20 Questions with Michael McCann
Michael is the founder of Dreamtime Australia Design and offers a unique skill set as an ‘insider’ with 28 years in hospitality operations.
Iwas about to get married and my future wife didn’t like the idea of living in 12 more countries. We were living in Mexico and decided to start Dreamtime there in 1995, initially as a small luxury resort development, design and operational company. But without capital backing that was very difficult to achieve.
After returning to Australia in 1997 we initially consulted to restaurant clients and also operated a few before finally repositioning Dreamtime as a complete service design company, offering a range of services such as site selection, negotiation, architecture, interior design, commercial kitchen and bar design, lighting design, graphic design and even preparing financial projections and key staff recruitment.
I knew if I wanted to design top-level hospitality projects I could not get there by designing takeaways in shopping malls. But how do you approach the nation’s top restaurateurs with nothing to show? I had to find clients who didn’t think they needed the country’s top designer, or even the best restaurant design — then give it to them anyway.
Initially, we designed two small-budget restaurants (Zenith on Booth and Dish in Byron Bay). Both achieved a one hat ranking and we got some press. Then Flying Fish restaurant in Sydney’s Jones Bay Wharf won the national restaurant design award in 2004 and really raised our visibility.
How did we keep going through the GFC? Ha — I fired everybody! In all seriousness it was a very difficult and depressing time. We had approximately 80 percent of our projects cancelled within a four-month period at the end of 2008. I was forced to reduce our office staff from 12 down to two just to keep the business going, and I lost a lot of fantastic people. I’m not exaggerating when I say we had to ration food and petrol at home for a year or two just to stay open and keep the kids in school.
I would encourage young designers to be more creative and not just repeat the easiest designs possible with no fear of failure.
Design colleges need to change their curriculums to teach students how to build their designs and become experts in materials, and get actual work experience with builders in the field.
Build-ability is everything — right down to the millimetre.
I would guess that 80 to 90 percent of all restaurant and bar designs in Australia at the moment involve almost the exact same recycled bricks, rustic timber flooring, industrial lights and variations on the same furniture, fixtures and equipment. The entire country is starting to look like it has been designed by one firm.
The top designers worldwide are the ones which understood how to conjure up a complete concept — not just pick out a number of finishes and fixtures which really have no relation to one another — but a real concept. These are the environments that patrons never want to leave, and dramatically change the financial fortunes of the venues. This is what I try to achieve.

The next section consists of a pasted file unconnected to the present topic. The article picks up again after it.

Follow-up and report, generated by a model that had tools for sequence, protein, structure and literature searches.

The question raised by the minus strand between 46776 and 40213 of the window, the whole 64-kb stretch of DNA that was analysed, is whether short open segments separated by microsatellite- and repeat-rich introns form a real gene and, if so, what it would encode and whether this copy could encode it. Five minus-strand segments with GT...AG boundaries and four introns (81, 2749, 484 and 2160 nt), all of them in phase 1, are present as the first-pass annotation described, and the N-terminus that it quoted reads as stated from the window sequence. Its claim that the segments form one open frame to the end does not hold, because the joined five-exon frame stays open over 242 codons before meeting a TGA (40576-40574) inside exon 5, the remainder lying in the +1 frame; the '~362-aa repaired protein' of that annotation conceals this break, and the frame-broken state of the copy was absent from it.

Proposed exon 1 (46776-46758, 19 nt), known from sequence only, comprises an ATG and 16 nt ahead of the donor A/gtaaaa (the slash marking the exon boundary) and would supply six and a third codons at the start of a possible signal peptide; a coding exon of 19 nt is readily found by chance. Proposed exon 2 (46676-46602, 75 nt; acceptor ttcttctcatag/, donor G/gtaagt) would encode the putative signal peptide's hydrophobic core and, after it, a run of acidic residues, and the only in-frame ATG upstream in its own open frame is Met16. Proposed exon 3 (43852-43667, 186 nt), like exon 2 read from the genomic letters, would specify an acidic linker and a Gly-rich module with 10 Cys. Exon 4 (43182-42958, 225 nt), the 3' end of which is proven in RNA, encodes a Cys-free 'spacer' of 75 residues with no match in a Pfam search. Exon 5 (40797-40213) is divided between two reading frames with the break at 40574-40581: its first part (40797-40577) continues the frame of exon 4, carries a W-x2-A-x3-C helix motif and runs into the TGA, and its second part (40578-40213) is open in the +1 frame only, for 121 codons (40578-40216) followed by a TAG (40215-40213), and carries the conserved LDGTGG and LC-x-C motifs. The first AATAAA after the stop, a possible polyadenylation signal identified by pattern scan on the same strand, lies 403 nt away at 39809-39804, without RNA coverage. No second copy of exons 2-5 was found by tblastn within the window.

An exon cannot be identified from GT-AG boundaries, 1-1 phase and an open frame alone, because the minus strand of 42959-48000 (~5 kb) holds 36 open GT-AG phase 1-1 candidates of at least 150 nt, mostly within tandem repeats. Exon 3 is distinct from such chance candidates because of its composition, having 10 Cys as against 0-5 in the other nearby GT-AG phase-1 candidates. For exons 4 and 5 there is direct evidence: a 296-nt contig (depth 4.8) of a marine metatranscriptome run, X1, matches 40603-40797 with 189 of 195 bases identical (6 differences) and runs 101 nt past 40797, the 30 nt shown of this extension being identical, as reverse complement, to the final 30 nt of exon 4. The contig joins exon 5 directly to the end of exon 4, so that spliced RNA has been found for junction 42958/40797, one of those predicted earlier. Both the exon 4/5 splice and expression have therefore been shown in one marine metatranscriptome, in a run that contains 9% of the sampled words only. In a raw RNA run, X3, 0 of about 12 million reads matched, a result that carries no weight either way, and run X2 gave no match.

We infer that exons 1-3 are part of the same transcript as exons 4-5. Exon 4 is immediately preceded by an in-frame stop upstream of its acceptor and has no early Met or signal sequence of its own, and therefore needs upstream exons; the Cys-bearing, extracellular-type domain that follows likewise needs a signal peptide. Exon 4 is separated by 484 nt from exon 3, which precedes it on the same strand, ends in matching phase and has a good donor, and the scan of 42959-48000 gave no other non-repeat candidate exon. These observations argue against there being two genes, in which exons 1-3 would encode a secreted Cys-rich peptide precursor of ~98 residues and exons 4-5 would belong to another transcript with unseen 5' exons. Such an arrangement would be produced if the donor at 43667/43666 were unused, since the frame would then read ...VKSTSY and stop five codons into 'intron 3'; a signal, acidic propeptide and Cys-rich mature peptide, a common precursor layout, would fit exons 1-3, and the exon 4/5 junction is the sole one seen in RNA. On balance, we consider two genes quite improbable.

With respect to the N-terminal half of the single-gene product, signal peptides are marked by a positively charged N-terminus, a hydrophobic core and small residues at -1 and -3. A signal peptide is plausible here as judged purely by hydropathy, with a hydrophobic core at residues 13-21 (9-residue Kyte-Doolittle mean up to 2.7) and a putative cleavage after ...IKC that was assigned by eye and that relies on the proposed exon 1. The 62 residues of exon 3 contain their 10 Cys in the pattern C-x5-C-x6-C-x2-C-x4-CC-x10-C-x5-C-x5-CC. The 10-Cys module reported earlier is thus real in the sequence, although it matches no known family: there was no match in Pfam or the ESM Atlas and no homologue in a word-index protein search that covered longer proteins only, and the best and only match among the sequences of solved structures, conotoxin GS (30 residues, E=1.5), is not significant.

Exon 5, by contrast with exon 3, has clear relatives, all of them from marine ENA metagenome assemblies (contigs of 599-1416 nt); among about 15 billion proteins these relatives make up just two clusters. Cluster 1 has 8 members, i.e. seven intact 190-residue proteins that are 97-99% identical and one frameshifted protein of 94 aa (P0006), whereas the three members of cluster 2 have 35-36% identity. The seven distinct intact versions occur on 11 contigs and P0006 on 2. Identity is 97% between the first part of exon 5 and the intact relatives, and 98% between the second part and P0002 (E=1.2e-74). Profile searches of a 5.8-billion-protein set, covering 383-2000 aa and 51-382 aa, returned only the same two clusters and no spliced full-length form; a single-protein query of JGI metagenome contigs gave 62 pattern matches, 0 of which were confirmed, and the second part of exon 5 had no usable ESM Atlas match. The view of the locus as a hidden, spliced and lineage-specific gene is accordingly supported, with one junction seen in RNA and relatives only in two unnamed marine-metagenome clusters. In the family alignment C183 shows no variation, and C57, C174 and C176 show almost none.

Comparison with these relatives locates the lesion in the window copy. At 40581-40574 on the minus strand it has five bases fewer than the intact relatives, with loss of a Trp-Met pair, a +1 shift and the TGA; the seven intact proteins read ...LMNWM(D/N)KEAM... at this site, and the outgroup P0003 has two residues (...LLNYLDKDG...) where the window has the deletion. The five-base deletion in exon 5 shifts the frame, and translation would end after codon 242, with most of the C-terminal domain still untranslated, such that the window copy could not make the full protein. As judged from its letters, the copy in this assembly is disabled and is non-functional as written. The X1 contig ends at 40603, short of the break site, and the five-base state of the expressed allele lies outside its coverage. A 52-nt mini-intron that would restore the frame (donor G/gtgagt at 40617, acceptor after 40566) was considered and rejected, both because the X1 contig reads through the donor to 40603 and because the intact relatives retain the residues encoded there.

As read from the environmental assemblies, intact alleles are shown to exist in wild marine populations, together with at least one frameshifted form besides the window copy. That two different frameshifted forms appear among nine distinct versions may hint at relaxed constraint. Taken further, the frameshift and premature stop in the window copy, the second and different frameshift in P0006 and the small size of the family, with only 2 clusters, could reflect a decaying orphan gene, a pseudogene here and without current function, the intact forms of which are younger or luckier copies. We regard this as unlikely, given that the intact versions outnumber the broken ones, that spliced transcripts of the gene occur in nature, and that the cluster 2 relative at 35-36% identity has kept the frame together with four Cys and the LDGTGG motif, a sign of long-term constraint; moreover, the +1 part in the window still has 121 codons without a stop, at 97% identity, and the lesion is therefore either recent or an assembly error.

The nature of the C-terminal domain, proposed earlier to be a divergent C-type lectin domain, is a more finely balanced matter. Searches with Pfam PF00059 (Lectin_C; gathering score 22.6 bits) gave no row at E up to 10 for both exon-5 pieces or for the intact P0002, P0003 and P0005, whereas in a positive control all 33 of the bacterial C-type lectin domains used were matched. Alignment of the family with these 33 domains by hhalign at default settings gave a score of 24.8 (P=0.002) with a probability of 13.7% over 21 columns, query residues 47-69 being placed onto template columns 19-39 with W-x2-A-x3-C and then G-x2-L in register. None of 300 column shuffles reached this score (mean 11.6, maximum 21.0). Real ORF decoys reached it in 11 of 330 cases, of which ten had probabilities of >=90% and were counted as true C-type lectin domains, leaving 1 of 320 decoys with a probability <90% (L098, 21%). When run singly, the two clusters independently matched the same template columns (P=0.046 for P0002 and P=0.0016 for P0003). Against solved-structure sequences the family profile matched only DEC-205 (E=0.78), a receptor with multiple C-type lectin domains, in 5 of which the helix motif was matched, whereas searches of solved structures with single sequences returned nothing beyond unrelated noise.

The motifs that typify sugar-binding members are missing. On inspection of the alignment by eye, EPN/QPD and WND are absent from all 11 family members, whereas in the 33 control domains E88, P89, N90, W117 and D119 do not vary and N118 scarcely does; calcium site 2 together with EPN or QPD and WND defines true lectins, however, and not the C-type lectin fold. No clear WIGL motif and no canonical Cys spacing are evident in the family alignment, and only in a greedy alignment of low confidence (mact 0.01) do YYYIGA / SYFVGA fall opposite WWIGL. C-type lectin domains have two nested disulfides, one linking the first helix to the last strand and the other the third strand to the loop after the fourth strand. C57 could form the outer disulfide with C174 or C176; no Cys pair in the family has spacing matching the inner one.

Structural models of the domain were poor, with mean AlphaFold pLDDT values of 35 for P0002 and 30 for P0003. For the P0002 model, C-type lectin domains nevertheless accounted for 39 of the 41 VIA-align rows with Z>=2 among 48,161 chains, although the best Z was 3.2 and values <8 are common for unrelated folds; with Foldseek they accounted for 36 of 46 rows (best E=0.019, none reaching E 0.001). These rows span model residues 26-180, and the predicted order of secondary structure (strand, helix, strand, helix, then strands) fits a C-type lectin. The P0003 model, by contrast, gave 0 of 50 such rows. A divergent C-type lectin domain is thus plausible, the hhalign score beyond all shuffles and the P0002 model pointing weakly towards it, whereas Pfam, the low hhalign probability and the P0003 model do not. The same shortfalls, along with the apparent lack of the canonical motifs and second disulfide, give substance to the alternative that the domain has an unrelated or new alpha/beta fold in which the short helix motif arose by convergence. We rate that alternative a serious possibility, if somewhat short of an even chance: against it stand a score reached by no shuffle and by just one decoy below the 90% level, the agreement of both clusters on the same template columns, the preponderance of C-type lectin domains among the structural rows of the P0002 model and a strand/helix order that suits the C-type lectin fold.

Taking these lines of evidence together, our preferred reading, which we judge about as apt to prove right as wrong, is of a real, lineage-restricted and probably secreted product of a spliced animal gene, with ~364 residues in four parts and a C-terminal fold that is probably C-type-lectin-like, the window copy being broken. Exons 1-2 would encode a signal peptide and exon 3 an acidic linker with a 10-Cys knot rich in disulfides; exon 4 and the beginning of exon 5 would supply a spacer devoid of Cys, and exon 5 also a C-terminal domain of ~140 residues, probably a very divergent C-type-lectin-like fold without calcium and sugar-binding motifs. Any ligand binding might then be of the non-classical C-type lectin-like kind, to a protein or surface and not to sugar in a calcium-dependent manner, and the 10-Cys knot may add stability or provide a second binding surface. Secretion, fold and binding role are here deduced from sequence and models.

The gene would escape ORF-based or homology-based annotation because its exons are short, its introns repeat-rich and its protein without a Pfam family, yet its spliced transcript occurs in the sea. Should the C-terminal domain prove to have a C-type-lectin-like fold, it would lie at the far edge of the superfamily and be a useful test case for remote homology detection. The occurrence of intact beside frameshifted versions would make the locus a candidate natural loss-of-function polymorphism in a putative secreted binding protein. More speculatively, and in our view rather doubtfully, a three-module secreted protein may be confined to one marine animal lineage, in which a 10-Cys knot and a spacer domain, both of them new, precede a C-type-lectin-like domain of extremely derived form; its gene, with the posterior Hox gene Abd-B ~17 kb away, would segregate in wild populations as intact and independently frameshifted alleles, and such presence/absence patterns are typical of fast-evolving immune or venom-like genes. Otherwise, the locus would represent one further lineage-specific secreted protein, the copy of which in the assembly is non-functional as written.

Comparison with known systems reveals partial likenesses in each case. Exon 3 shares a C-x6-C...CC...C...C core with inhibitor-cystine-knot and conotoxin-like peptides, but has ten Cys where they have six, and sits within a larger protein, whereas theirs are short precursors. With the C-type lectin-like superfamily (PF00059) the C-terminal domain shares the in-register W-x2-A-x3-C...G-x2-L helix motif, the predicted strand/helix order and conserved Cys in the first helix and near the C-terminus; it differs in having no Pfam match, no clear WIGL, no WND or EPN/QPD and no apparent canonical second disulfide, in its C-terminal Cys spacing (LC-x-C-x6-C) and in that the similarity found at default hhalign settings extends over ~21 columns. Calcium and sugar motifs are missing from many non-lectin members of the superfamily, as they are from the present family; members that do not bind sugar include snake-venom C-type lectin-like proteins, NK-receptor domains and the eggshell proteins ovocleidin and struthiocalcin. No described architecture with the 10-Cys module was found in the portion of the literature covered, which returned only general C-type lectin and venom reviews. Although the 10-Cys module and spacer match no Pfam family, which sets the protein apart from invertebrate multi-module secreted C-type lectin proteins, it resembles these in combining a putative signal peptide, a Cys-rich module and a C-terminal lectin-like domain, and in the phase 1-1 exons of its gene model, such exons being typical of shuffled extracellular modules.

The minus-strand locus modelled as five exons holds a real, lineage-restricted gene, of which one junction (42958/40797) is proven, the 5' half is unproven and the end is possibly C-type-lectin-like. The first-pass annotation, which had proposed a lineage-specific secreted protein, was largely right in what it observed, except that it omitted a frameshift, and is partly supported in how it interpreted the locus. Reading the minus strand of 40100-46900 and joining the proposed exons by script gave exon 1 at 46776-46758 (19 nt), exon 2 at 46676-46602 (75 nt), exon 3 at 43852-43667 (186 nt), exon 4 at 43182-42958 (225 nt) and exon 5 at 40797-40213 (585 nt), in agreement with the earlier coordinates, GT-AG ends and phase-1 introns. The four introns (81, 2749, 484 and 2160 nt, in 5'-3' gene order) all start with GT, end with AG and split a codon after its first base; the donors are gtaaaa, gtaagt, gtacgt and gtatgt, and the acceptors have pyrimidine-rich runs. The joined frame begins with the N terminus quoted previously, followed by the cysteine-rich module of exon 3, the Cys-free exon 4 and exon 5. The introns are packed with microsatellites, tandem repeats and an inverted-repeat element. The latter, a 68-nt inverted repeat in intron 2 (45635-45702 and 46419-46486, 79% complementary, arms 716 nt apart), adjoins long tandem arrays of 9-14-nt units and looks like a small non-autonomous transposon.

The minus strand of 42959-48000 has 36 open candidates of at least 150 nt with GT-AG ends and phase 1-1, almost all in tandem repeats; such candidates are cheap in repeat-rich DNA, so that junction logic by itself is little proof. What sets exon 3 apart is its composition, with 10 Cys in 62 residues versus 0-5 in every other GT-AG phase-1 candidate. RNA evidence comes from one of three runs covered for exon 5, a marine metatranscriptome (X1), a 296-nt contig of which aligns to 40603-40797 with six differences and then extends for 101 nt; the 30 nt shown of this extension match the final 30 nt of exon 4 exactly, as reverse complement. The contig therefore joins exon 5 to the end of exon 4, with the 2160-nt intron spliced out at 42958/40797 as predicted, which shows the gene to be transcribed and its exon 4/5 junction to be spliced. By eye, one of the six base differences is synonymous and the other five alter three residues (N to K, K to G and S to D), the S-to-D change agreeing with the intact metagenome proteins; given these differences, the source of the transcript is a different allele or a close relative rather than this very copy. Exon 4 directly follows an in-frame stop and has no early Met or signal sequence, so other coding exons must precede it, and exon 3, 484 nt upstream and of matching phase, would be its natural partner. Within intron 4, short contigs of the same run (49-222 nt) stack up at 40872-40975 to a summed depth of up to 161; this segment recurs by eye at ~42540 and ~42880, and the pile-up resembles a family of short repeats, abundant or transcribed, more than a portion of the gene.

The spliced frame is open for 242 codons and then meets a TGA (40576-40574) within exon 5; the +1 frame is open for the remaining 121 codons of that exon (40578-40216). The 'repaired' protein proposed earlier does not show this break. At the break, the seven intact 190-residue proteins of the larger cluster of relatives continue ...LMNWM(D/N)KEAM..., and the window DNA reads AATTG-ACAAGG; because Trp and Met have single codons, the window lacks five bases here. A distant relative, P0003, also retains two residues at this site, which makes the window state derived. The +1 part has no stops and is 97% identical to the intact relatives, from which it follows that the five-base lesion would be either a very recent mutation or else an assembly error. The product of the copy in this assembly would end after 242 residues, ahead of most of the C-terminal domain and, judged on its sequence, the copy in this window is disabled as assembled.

Luckily we’ve never been sued nor had fees deducted for screwing something up. I’m super careful in our design documentation — not a single page of design has ever left our office without me signing it off, which slows things down a bit after the tenth revision but is the only way to protect your business.
Australian design is a world leader in terms of quality and innovation, be it in architecture or interior design, and I am proud of calling myself an Australian designer even though I’m originally from the US. This is one of the reasons I chose to use the word ‘Australia’ in our company name as well as the Aboriginal graphic.
The smallest job I’ve ever done would probably be Pony restaurant in The Rocks area of Sydney, which was only 104sqm inside, with a 60sqm deck. It’s still one of my favourites and started laneway dining in Sydney as well as the trend of cooking on firewood.
Our largest design was the master planning of a new national park with resorts, a golf course, natural mountain attractions and so on for the ruler of the United Arab Emirates, Sheik Khalifa bin Zayed Al-Nahyan, through Aldar Development Corp. It was fascinating: they had to fly our 3D models via helicopter to his weekend palace at the top of a mountain in Al Ain for approval.
If I had to pick one or two great designs that really impacted me I would have to say the original Hakkasan restaurant in London designed by Christian Liagre, and Mezzanine restaurant in Singapore designed by Super Potato from Japan. The depth and beauty of the concepts, materiality, lighting, FF&E, you name it — tremendous ‘wow’ and that important but elusive sense of mystery that makes you want to explore every corner.